Last week, the NHF published its final version of its new Code of Governance and made some important changes from the previous draft that will impact on those housing associations looking to adopt it.
Unfortunately, what the programme did not do is highlight the good care and practice that is delivered by social care providers and their care workers everyday across the country. For the majority of care providers, who are providing excellent care, programmes such as this can be very demoralising at a time of reduced funding and often over prescriptive regulation. Nevertheless, the programme does raise important issues that highlight the challenging times in which the underfunded and the understaffed home care sector operates.
The programme came close on the heels of the widely reported case and recent sentencing of a care worker at Birmingham Magistrates’ Court, who was caught slamming the head of a 77-year old woman with dementia into a chair on secret CCTV – again installed by her family. In both cases, the wrongdoers were successfully brought to justice under The Criminal Justice and Courts Act 2015 (s20 Ill-treatment or wilful neglect: care worker offence) that came into force on 13 April 2015 and states, "It is an offence for an individual who has the care of another individual by virtue of being a care worker to ill-treat or wilfully to neglect that individual". This legislation can be used in addition to the Mental Capacity Act 2005, which states that it is a criminal offence for care workers who ill-treat or wilfully neglect service users, but only in relation to service users who lack capacity and only care workers (rather than care providers – as with CJCA 2015) can be liable*.
'File on Four' went on to report that an extraordinary number of safeguarding referrals, in relation to allegations of abuse (23,000) by home care workers, were made in the last three years. The programme did not give details about the outcomes of the referrals but it is hoped that, whilst this an alarming trend, it should also be welcomed that bad practice is under the spotlight and referrals are being made. It would be very interesting to know how many safeguarding referrals were made directly by care providers or how many allegations proved to be upheld. It is our experience that referrals are being made as a matter of routine by many of our clients. Many are keen for any concerns to be investigated, even where they appear trivial or supported by little evidence. We find that providers do not condone any deliberate act or omission by care staff designed to harm or distress a client. Basic ethical principles make it clear how healthcare professionals should make the care of their clients their primary concern. These should not need to be spelled out. Unfortunately mistakes do sometimes happen, even by carers working for outstanding providers. These are often as a result of rushed home care visits, which are limited by the amount of time that is commissioned by local authorities.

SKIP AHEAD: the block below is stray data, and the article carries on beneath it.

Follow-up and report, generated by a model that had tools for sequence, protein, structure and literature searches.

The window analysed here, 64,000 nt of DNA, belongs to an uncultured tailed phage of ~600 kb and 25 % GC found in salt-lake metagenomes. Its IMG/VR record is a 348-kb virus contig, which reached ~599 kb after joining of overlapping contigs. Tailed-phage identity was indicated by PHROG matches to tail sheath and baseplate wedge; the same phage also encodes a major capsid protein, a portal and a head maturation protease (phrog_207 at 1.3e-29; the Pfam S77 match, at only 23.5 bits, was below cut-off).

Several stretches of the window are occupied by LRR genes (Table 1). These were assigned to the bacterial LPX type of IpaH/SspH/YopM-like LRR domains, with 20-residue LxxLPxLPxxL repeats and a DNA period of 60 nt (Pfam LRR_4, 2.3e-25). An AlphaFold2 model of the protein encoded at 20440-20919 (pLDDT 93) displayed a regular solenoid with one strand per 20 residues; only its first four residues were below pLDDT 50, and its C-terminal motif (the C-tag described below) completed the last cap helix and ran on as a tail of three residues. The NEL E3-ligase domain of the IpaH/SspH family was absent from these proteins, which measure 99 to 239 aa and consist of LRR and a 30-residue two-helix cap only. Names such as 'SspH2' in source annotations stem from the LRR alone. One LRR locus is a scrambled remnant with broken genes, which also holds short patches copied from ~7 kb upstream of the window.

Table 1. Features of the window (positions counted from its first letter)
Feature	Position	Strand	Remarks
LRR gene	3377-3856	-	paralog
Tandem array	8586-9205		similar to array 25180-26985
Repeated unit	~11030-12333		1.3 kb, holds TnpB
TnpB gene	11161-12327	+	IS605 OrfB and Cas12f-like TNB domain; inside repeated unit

The programme highlighted the difficulty with the definitions of abuse and neglect, which can often be fluid. Whilst in the context of criminal proceedings, wilful neglect will have an element of conscious decision making, rather than recklessness or negligence. The Crown Prosecution Service confirms that there is no simple offence for the "neglect" of an older person, other than in those circumstances set out in the Mental Capacity Act 2005 or the Mental Health Act 1983. In the context of the Coroner’s Court “neglect” is defined as “a gross failure to provide adequate sustenance, medical attention or shelter for a person in a position of dependency, whether by reason of a physical or mental condition”. The term "abuse" is used to describe a wide range of behaviours, many of which are, in fact, are covered by other offences.
Highlighting the quality of your care to local authorities, at times like this, is important and can help when negotiating fee increases. It is also likely that there will now be more appetite for the police to bring prosecutions against care providers who find themselves in the unfortunate situation where they have to defend proceedings.
For further information
For further information on our regulatory offering, see our website or contact Sarah Knight. We can assist with advice in relation to safeguarding referrals, police processions, coroner proceedings, or support with funding negotiations.
*A care provider will be guilty of an offence if:
- One of its care workers ill treats or wilfully neglects a service user under its care;
- The way in which the provider manages or organises its activities amounts to a gross breach of a relevant duty of care owed to the service user;
- Without that breach, the ill-treatment or wilful neglect would not have occurred or would have been less likely to occur; and
- The wording of the offence mirrors that used for corporate manslaughter. In particular, there must be a gross breach of duty by the provider rather than simply a failure to take reasonable care.
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